One of the ways in which the people that are ending homelessness like to pretend they're succeeding is to talk about opening and closing front and back doors, a image that, to me, always brings to mind a very large, crowded and windy hallway, probably with florescent lighting and substandard ventilation.
What they mean by this is that institutions that deal with poor people — mental health centers, prisons and jails, hospitals, and foster care systems — should all take responsibility for their own poor, as opposed to shoveling them off for containment in emergency shelters. This is one of the ways in which Ten Year Plans hope to accomplish their goal of ending homelessness by simply being smarter: Get other systems to expend their resources.
The assumption here is that homelessness, in large part, is all just a big misunderstanding, and with just a bit of inter-agency cooperation and some help from the private and nonprofit sectors, we'll be able to clear it all up. The problem, of course, is that the other systems serving poor people are broken too. Worse, in times of widespread budget deficits and growing numbers of expendable poor, those systems are subject to funding cuts as well.
The technocratic do-gooders will do almost anything to avoid facing up to the logic of their own system: poor people are expendable. During a time when Democratic Washington State Governor Chris Gregoire's own budget calls for eliminating the $339 a month General Assistance - Unemployable benefit for the 9,000 or so people who need it to live, the truth of this should be rather obvious, no?
But this is just too unpleasant by half. This is why some "homeless advocates" need to convey success, no matter what the evidence. While the news is filled with burgeoning tent cities, freezing homeless people, depleted food banks, and families in cars and such, the USICH website is simply bursting with good news. Street and chronic homelessness are down:
The street/chronic decrease represents a reduction of more than 52,000 people living on our streets or languishing in our shelters. Given an average length of stay in homelessness of 5 years, the reduction represents more than 260,000 years of homelessness coming to an end. That means quantifiable cost savings in health and law enforcement systems in cities across the country.Wow. 260,000 years of homelessness has ended. That's quantifiably amazing.
Even better, the CEOs, with their high standards of accountability and savvy business acumen, have taken charge:
In the past year, more jurisdictional CEO's are committed to 10 Year Plans. When the year began 529 mayors and county executives had committed in 321 plans. At the end of this year these number had increased to over 860 CEO's and more than 355 plans.Impressive. In just one year there was a 10.6% increase in Ten Year Plans, but this was accompanied by a 62% increase in CEO involvement! At this rate, can the end of homelessness be far off? Heck, no!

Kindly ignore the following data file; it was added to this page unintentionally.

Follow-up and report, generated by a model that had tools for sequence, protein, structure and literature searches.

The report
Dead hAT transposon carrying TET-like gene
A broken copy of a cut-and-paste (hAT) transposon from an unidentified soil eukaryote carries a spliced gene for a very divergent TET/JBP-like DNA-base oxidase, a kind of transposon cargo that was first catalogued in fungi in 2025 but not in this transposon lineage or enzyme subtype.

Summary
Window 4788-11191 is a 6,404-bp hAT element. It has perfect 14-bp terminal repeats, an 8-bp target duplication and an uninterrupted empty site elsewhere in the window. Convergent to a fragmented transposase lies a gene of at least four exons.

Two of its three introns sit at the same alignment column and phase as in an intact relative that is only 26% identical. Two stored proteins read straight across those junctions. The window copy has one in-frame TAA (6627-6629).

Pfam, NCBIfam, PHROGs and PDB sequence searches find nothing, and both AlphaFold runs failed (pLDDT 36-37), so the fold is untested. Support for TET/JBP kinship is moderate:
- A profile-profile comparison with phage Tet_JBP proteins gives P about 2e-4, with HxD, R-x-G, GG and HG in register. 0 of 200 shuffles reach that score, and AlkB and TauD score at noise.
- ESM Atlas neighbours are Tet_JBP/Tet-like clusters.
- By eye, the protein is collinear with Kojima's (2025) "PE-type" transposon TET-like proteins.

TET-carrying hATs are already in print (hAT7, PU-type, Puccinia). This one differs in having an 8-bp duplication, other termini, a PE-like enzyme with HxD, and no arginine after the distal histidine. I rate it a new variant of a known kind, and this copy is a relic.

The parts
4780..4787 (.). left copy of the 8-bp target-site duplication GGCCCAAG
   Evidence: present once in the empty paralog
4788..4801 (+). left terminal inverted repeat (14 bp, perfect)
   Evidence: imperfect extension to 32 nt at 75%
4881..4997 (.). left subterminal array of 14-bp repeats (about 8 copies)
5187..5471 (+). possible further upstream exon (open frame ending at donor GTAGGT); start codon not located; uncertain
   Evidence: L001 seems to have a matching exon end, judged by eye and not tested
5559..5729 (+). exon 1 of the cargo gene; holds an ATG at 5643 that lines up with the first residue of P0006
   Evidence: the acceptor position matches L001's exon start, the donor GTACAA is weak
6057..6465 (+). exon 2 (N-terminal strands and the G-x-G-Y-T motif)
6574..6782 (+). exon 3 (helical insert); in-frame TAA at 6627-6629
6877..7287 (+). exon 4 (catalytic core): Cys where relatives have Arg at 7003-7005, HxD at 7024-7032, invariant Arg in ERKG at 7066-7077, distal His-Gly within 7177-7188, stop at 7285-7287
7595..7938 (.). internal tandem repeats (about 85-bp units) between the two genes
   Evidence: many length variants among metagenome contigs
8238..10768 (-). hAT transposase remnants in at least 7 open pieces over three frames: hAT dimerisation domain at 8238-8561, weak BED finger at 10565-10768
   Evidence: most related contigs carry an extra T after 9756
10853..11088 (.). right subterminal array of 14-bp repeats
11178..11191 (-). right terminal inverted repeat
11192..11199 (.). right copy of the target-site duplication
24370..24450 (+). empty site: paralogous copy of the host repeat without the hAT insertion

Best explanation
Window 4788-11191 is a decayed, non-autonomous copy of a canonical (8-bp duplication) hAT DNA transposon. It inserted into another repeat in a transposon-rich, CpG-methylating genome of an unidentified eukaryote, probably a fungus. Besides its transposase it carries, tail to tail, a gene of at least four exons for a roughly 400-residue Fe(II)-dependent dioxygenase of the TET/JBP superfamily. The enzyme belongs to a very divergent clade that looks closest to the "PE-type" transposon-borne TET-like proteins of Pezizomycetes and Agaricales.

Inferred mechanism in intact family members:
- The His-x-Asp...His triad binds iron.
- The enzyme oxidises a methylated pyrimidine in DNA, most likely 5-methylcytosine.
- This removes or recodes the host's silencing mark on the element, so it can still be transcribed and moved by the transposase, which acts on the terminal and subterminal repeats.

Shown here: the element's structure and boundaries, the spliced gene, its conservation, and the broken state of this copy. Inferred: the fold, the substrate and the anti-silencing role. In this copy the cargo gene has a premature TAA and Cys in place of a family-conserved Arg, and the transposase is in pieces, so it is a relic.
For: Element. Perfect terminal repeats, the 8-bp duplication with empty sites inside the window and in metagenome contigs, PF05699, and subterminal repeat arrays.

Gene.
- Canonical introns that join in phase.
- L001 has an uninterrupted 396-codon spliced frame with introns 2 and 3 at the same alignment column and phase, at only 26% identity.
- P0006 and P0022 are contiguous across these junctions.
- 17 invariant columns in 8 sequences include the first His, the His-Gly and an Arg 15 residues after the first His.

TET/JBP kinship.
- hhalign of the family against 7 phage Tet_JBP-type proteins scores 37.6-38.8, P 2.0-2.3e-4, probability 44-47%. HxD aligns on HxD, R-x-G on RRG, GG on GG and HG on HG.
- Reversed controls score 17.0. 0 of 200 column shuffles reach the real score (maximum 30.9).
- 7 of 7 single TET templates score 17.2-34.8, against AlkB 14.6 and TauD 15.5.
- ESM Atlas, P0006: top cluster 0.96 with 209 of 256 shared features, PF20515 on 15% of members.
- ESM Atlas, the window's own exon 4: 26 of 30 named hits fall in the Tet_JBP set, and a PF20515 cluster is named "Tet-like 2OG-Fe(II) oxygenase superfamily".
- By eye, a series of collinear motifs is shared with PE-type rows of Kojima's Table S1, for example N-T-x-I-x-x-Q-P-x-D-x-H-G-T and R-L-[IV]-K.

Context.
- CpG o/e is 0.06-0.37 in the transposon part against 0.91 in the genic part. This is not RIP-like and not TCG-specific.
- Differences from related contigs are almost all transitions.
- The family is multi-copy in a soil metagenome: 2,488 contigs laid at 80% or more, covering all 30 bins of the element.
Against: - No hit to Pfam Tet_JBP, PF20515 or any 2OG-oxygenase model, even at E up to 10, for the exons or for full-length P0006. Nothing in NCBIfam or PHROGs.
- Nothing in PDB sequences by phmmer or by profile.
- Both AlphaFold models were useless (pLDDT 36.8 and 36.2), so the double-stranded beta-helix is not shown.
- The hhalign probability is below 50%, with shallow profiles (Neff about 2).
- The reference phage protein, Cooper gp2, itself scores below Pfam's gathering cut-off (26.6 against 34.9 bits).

But wait, somethings wrong! It appears that new institutions that deal with poor people have turned to shelter-dumping as well. KOMO reports that last Sunday, the downtown Seattle Greyhound station sent a busload of stranded passengers, kids and all, to the severe weather emergency overflow shelter at Seattle Center, and when it became apparent that the shelter was unprepared, the bus just drove away. Kind of gives new meaning to "Go Greyhound!"
As the economy worsens, look for other businesses that serve the downscale consumer to follow suit. Southwest and Frontier will be the first among the major discount airlines to implement Greyhound's revolutionary cost saving strategy.
These bottom-line savvy innovations are not limited to the discount transportation industry. Taco Bell lobbyists are no doubt working the halls of Congress to bring back the government surplus food program, and hope to soon have finely grated surplus cheese subsidies supplied to their 5,845 U.S. locations. I also expect that corporate buyers for Payless Shoes and Ross Dress For Less to soon be scouring the racks of Goodwill for slightly distressed items that can be sold at 800% mark-up.
According to Kraven F. Ückwadde, a Taco Bell senior executive and one of the newest CEOs to join the fight to end homelessness, "The dynamic nature of American capitalism demands that businesses adapt. When you wake up one day to find that your cheese has moved, you either give the consumer less fucking cheese, or you find a way to get the cheese at someone elses expense. We make $2 billion a year just by covering up bad food with free hot sauce. If that's what it takes to keep the profits coming, we can cover up homelessness as well."